The British Empire's 40-year death throes

November 04, 1996|By William Pfaff

LONDON -- The British Empire came to an end just 40 years ago, its death agony lasting from the 31st of October to the 6th of November, 1956. The proximate cause of death is known. The real cause remains a mystery.

The proximate cause is called by historians ''Suez.'' The agents of the empire's execution were Gamal Abdel Nasser and Anthony Eden. Colonel Nasser was considered by Eden, then Britain's prime minister, as ''a new Hitler.'' He was the first of the Western-designated ''new Hitlers'' to appear in the Middle East. There are others today. This one, unlike his namesake and his successors, defeated his British enemy, if only by default.

He was a populist army officer who first inspired and then took over formal leadership of a military revolt in 1952 which deposed Egypt's monarchy. He declared Egypt a republic and a neutral in the Cold War. In 1955 he arranged to obtain arms from Czechoslovakia, an act disapproved of by the Western powers, who also disapproved of neutralism.

France accused him of arming and supporting the national liberation movements in French North Africa, and Israel said he harbored guerrillas raiding Israeli settlements -- both accusations true.

In July 1956, Britain and the Eisenhower administration withdrew their support for a World Bank loan to build a high dam at Aswan on the Nile, a project dear to Nasser. In retaliation, he nationalized the Suez Canal, until then a private company under mainly British and French ownership.

The British, French, and Israeli governments then concocted a plan to recover the canal. Israel would attack in the Sinai peninsula toward the canal, and Britain and France would demand that both Egypt and Israel withdraw, while they themselves seized the canal to ''protect'' it.

The deception was ridiculously apparent soon after the Israeli attack was launched, on October 29. Britain and France issued their ultimatum the next day, and began bombing Egyptian airfields on the 31st.

On November 3 the Egyptians blocked the canal by sinking ships in it. On the 4th, British and French paratroops landed, and two days later armored forces began landing at Port Said and Port Fuad. The Israelis, meanwhile, had reached the canal. The French were eager to continue.

In Britain, there was political uproar. In Washington, where the presidential election was taking place, President Eisenhower was furious at not having been consulted, and also because the affair had distracted global attention from the simultaneously-occurring Soviet attack upon Budapest to suppress the Hungarian revolution.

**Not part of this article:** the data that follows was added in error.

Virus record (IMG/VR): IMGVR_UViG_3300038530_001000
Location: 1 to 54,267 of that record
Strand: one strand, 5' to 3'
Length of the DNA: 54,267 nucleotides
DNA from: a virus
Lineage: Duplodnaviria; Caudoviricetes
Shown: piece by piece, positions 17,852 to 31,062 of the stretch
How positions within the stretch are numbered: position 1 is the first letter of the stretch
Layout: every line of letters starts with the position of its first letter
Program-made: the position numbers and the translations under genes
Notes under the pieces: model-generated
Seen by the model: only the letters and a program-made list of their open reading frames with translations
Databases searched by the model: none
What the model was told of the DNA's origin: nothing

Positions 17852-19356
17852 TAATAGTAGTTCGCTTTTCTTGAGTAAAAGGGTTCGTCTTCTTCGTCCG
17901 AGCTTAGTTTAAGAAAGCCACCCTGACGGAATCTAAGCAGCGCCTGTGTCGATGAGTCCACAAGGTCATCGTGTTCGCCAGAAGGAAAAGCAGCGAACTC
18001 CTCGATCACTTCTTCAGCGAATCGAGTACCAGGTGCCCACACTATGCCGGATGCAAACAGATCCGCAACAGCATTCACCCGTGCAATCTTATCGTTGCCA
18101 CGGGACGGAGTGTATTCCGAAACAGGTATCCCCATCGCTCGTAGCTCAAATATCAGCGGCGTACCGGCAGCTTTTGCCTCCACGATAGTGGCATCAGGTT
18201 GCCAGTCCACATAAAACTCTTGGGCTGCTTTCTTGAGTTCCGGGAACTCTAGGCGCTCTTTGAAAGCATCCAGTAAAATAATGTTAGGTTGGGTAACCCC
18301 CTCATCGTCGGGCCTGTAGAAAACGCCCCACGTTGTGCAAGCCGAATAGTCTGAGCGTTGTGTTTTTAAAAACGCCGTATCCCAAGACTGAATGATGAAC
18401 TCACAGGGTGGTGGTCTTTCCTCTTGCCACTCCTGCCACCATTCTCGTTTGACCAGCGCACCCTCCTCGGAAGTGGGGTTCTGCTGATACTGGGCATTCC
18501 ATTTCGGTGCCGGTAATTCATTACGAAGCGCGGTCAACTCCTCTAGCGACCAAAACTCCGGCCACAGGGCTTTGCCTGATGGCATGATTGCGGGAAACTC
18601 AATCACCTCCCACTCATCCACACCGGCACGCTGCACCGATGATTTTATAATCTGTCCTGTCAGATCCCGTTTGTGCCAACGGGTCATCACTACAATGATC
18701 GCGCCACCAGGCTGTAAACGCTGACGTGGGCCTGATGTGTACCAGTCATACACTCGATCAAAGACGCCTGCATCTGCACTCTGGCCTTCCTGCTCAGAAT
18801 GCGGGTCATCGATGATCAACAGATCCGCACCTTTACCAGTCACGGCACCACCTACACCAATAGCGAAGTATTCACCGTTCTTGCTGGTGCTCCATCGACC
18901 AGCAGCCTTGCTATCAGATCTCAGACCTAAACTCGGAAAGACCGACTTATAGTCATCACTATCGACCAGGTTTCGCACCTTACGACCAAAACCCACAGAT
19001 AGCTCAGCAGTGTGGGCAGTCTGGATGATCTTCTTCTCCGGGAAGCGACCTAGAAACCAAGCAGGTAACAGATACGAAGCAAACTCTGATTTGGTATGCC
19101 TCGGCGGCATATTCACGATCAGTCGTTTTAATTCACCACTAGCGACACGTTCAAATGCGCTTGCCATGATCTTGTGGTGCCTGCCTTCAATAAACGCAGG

Washington withdrew support for sterling, which had come under international speculative attack. London called off military operations on November 6, without informing the French or Israelis. The war was over.

The French deputy chief of operations at the time said afterward, ''We should never have let the British command, and agreed to a secondary role. . . . They overestimated the Egyptians . . . The operation was too heavy. . . . They kept us from playing on LTC surprise and speed. . . . They let us down.'' The Israelis felt the same. No one seemed to understand that even if the canal had been taken, they would have been politically defeated.

Striking aftermath

What is striking is what happened to the three countries afterward. The Israelis withdrew, under U.N. orders, but in 1967 retook both Gaza and the Sinai, and defeated Egypt a third time in 1973. They are today as energetic in defending their national interests as they were then (even if divided on what those interests are).

The French packed up and went back to their war in Algeria. When they lost that, they rewrote their constitution, created a new republic, re-established their quasi-colonial position in Africa, built nuclear-weapons systems, made themselves the world's fourth-ranking economic power, and today, with Russia out of the running and China not yet in the running, are the only major nation that consistently challenges the U.S.'s global political and economic leadership.

Britain never again went against America's wishes. Its African empire was wound up by 1965. Its remaining presence east of Suez was eagerly given up in the late 1960s.

Margaret Thatcher, avowedly a British nationalist, agreed in 1984 to hand over to Communist China Britain's last position in Asia -- not only the New Territories of Hong Kong, whose lease expires in 1997, but Hong Kong itself, ceded to perpetual British sovereignty in 1842, and Kowloon, ceded in 1860.

No doubt the latter had been ceded under duress, and were unsustainable without the New Territories. London was positively determined to get rid of the entire colony, even without enforceable guarantees of the liberties of its inhabitants. Yet at the moment Mrs. Thatcher made the agreement, the United States was sponsoring the contras in El Salvador to save Central America -- so Washington explained -- from communism.

A few years earlier the United States had fought a terrible war, with Britain's approval, to keep Vietnam, Cambodia and Laos out of Communist hands. Hong Kong was given to China virtually as a gift.

Meanwhile, today, in Egypt and throughout the Arab world, the film that has the crowds queuing up is a fictionalized biography of Gamal Abdel Nasser, liberator of Suez.

William Pfaff is a syndicated columnist.

Pub Date: 11/04/96

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